The impairment of the prefrontal cortex due to high levels of dopamine and norepinephrine in relation to ADHD
Nair, Satish S., 1960-
University of Missouri-Columbia. Office of Undergraduate Research
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Attention- Deficit/ Hyperactivity Disorder (ADHD) affects many people from various backgrounds; however, not much is known about the disorder aside from clinical symptoms. Researchers are just beginning to dissect ADHD and its effects on the brain, specifically in the prefrontal cortex (PFC) region. The PFC controls attention, motivation, planning, and most importantly working memory. Working memory is temporary storage for short-term memory; it is essential for sequencing tasks and assists with internalized language. The working hypothesis implicates increased levels of Dopamine (DA) and Norepinephrine (NE) in the impairment of PFC cells, leading to inhibition of working memory, and the development of disorder. The interaction of pyramidal neurons in the various layers of the PFC is studied in order to discover the impact of the network level plasticity on the disorder. This interdisciplinary research examines the relative impact of DA and NE, and the relevant pathway interactions on affected cells. Relevant neurophysiological experimentation data is used to examine mechanisms of ADHD in rat PFC, and to develop a computational model of the pyramidal neurons located in the six layers of the PFC. An analysis of the cognitive effects of ADHD via computational modeling may predict brain function, uncover emergent properties, and assist in the development of treatment. Reliable computational modeling will help save money and time as well as avoid the frequent use of human trial subjects.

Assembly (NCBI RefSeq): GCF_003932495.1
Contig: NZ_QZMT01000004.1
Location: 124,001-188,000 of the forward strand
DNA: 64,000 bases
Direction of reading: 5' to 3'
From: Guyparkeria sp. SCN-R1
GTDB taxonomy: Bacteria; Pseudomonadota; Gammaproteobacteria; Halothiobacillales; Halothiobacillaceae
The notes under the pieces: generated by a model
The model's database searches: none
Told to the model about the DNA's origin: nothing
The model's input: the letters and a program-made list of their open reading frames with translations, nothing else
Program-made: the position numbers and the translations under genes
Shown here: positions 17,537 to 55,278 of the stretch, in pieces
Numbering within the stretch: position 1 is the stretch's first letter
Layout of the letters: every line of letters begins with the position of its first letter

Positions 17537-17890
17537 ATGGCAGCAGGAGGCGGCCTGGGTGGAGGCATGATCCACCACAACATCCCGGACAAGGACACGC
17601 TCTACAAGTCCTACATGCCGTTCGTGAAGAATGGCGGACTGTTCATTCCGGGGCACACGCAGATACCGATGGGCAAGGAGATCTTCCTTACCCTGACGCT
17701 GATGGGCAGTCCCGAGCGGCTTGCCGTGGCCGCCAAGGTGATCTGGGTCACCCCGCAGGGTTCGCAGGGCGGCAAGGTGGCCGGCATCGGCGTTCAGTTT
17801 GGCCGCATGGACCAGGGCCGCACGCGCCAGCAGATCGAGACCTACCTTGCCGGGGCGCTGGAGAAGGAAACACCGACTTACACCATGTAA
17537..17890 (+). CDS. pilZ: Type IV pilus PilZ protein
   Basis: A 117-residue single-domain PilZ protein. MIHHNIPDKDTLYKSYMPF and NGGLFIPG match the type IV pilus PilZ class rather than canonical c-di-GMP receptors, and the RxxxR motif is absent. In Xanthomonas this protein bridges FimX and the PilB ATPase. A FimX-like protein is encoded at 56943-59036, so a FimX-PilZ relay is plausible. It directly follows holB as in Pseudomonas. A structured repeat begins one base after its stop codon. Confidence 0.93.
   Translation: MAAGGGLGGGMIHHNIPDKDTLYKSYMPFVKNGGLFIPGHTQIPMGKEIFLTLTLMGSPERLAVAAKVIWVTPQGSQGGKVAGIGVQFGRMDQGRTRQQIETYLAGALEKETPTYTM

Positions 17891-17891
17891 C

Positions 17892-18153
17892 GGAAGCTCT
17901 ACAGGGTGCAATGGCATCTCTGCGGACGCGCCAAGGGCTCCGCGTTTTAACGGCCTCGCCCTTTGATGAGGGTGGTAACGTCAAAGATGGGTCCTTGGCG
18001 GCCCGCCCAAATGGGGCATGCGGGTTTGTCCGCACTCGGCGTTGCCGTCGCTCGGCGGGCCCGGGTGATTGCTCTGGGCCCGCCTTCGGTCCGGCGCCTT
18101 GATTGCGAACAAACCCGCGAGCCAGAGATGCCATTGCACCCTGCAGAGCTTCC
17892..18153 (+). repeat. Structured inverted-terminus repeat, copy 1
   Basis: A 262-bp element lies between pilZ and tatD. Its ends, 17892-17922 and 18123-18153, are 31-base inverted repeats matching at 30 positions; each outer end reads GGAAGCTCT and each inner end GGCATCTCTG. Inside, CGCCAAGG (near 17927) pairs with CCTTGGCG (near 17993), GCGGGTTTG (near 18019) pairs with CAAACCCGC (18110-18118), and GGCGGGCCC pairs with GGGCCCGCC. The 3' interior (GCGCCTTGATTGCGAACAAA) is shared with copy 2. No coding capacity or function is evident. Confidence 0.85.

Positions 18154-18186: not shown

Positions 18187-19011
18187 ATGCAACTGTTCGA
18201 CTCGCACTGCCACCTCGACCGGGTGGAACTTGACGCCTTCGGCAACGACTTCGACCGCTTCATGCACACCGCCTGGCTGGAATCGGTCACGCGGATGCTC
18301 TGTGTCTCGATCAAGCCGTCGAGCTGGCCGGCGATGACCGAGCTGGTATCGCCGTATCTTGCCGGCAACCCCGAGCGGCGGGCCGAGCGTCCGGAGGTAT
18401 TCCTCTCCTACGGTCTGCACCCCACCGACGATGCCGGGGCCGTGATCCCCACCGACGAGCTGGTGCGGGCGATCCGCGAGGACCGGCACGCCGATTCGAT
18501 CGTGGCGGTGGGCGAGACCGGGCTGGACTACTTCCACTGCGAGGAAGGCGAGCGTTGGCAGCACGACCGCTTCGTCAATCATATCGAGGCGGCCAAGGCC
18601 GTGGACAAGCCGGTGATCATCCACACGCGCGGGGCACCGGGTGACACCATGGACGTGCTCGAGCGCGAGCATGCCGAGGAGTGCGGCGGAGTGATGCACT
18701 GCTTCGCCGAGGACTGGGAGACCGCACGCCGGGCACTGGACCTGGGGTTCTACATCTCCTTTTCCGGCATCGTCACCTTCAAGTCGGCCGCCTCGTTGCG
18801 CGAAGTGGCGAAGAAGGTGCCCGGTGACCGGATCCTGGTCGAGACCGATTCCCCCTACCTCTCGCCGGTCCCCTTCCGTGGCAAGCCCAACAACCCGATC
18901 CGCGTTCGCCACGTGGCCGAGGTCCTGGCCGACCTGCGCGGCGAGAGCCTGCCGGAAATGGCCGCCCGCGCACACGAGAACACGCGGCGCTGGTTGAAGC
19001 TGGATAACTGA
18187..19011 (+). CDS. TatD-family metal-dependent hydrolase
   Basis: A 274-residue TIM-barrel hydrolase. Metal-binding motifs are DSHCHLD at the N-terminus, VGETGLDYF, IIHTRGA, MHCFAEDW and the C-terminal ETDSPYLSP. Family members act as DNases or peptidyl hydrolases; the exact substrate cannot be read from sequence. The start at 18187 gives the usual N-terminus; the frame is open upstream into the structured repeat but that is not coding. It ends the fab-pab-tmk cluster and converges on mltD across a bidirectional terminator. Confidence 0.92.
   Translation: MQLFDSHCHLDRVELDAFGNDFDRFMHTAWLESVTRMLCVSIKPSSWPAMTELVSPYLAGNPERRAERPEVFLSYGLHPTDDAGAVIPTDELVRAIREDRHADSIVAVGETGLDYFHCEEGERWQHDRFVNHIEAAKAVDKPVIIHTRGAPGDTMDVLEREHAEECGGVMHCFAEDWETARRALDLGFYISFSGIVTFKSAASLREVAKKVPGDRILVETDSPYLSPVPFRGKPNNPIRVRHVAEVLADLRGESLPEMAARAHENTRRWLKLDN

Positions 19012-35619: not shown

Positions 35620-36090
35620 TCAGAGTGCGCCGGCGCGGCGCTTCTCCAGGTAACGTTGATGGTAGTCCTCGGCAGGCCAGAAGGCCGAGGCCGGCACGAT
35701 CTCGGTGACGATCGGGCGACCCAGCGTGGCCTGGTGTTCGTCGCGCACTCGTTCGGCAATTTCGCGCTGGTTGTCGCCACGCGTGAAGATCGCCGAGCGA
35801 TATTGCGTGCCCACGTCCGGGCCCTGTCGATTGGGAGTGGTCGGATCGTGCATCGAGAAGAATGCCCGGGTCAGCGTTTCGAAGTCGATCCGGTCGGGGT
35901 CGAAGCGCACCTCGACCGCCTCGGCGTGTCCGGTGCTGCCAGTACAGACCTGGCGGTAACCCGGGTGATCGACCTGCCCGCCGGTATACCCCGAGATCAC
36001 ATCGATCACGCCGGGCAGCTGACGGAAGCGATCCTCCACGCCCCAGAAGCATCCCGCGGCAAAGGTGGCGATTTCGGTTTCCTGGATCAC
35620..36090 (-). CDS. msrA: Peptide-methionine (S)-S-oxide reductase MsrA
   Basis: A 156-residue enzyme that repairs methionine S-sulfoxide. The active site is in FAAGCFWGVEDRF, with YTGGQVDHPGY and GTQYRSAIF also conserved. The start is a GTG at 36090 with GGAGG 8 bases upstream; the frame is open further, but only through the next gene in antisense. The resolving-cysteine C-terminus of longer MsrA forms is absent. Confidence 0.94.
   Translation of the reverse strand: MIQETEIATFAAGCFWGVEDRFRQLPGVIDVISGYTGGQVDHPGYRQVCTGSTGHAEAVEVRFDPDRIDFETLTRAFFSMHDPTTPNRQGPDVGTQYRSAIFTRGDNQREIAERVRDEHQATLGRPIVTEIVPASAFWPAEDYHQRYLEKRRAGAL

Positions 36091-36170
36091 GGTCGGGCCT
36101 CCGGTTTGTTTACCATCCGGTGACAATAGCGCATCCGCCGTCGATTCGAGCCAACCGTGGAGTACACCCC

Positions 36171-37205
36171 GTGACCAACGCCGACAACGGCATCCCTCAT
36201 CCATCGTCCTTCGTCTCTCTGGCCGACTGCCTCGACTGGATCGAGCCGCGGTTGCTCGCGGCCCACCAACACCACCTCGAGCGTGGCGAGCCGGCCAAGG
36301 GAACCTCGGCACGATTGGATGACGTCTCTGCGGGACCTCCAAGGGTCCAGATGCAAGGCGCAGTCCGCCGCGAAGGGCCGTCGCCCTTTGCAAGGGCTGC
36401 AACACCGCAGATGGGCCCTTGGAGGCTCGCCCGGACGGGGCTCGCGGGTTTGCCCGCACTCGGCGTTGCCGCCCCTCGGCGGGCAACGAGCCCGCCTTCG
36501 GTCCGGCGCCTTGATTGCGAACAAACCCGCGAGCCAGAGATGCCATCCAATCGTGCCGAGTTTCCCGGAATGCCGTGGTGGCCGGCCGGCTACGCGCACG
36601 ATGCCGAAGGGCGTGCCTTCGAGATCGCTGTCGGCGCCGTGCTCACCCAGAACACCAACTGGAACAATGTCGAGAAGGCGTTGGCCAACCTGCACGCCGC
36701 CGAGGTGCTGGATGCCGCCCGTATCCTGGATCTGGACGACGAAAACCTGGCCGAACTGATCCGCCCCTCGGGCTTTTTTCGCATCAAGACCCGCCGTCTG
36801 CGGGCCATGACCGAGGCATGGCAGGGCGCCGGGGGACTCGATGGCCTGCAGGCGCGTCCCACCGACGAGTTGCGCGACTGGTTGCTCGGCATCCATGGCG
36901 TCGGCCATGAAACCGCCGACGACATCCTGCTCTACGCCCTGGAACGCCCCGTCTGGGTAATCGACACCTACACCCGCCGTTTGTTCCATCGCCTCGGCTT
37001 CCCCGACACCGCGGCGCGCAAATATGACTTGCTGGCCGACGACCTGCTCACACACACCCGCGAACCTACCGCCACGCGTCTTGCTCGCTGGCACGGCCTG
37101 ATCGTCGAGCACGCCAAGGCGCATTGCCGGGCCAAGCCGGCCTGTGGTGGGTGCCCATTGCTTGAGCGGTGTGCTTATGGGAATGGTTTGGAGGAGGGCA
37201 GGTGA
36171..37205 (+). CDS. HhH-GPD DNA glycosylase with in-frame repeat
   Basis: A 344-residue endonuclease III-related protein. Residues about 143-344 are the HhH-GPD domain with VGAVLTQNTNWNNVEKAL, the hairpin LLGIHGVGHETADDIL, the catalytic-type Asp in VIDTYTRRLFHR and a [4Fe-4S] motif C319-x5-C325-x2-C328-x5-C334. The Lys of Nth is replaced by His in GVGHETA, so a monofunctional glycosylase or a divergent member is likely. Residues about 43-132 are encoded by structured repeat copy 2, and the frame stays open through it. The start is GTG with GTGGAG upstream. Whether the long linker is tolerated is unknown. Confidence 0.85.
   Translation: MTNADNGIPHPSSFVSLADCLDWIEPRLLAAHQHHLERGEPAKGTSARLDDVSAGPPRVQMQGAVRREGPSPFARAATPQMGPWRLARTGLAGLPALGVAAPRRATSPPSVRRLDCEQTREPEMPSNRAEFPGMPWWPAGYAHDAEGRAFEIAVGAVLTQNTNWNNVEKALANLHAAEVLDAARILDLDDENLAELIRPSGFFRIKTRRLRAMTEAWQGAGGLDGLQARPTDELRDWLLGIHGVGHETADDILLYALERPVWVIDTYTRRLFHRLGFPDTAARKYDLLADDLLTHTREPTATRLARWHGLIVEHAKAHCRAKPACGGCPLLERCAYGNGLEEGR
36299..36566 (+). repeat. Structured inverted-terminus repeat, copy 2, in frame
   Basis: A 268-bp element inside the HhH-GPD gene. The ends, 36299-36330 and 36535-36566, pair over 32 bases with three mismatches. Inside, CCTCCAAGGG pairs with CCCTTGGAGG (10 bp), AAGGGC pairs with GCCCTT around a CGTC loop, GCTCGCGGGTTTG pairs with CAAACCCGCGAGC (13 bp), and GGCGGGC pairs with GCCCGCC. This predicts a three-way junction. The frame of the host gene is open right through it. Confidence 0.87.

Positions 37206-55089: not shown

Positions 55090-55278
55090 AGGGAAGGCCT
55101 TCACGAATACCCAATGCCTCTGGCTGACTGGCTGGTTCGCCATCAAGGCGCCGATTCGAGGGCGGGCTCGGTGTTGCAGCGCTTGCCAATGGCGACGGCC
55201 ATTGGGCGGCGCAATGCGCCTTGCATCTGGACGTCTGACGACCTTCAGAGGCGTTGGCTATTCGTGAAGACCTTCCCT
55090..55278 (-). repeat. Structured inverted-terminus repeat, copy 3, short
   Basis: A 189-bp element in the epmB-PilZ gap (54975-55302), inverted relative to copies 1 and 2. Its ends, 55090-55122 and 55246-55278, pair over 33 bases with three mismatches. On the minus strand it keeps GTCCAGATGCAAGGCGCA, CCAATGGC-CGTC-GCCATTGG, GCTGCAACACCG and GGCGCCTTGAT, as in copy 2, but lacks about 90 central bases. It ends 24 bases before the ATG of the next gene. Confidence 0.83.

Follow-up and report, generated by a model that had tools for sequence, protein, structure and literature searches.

2005 Summer Undergraduate Research and Creative Achievements Forum (MU)